Fourth, we listen to the condemning lies of our Accuser when we should listen to the life-giving promises of our Advocate. Even since the Garden, Satan has whispered into our ears things about God. “God did not actually say this.” Or “God is trying to limit you and keep you from becoming happy or becoming like Him.” Satan not only whispers lies about God but he holds out empty, false promises to us. “You will become like God.” “You’ll be happy or fulfilled if you do this.” His promise always fail, and then after we’ve fallen for them (again) he quickly returns with condemning lies. “God could not accept you. Look at what you’ve done. You’ll never change. Everyone is disappointed in you.” Even though it only leads to our destruction we listen to the lies of our Accuser.

Promises help us silence those lies and instead we hear the true, burden-lifting and life-giving promises of our great Advocate. Jesus only tells us what is true and so we need to let his truth silence the lies. Jesus tells us all the blessings and promises we have in him. Jesus assures us that he will never leave us and that in him we have what we need. The Accuser seeks our harm with his empty threats but the Advocates seeks our good with his strong promises. The Accuser wants to think about the “what if’s,” the “what could be,” the way we feel or how thing “seem.” The Advocate pushes the theoretical to the side so that we plant our feet on what is true, on who God is and will be, and on the promises that are unchanging.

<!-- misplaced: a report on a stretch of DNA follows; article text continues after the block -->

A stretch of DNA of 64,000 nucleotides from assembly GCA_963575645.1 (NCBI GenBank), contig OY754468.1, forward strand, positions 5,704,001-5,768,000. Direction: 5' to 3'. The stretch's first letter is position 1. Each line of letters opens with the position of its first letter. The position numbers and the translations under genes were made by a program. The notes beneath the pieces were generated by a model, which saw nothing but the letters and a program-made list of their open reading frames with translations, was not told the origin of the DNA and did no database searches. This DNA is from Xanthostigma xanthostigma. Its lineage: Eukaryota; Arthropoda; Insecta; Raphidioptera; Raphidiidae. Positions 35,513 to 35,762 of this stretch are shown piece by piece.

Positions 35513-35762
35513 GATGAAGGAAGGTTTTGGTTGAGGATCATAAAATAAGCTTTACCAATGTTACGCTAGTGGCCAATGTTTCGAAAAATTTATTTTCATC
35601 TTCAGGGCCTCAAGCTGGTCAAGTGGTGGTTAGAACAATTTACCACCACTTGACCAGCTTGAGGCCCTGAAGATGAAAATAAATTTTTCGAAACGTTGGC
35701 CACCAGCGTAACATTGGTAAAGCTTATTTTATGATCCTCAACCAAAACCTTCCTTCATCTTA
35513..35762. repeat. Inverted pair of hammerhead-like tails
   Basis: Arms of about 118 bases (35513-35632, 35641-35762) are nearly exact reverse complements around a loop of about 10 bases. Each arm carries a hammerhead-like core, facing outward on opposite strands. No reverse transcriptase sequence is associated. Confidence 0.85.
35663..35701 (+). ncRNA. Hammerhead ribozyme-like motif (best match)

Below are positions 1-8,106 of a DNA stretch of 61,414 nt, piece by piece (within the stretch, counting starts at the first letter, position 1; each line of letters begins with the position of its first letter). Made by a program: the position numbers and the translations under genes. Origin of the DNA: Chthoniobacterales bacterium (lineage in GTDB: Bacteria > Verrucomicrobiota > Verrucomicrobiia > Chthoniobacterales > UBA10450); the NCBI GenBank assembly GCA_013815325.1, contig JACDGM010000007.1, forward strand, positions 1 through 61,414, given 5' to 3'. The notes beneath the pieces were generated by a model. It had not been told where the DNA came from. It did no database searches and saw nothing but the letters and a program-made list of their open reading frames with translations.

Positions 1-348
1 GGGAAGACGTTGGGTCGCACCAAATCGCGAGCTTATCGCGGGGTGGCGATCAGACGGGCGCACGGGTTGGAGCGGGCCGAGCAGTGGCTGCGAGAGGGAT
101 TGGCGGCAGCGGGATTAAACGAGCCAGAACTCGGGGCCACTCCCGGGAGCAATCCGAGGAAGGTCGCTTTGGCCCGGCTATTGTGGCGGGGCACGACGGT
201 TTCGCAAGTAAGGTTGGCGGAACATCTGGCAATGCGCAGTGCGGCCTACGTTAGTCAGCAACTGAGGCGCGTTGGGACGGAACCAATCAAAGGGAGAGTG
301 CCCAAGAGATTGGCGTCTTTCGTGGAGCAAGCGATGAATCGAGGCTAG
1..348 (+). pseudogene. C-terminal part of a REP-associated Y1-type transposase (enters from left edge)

In the dark places of our weakness, fears, and unbelief we need the light of God’s good, abounding, soul-sustaining, and life-giving promises. Through God’s promises we know both who God is and what He’s told us He will do for us. God sustains and strengthens us in every situation by his promises. Get in the Word to look for them, treasure them, and live on them.

“The Christian life is a battle of promises. Living by future grace means that we believe the promises of God over the promises of what the world, the flesh, and the devil offer us. This kind of faith in the promises of God has a sanctifying effect. It is how we grow. We grow increasingly in our belief in the promises of God, our trust in the promises of God, and ordering our lives by the promises of God. This is the life of faith!”[2] (Mark Vroegop)

[1] John Piper, http://www.desiringgod.org/messages/liberating-promises

[2] Mark Vroegop, http://www.yourchurch.com/sermon/god-is-able/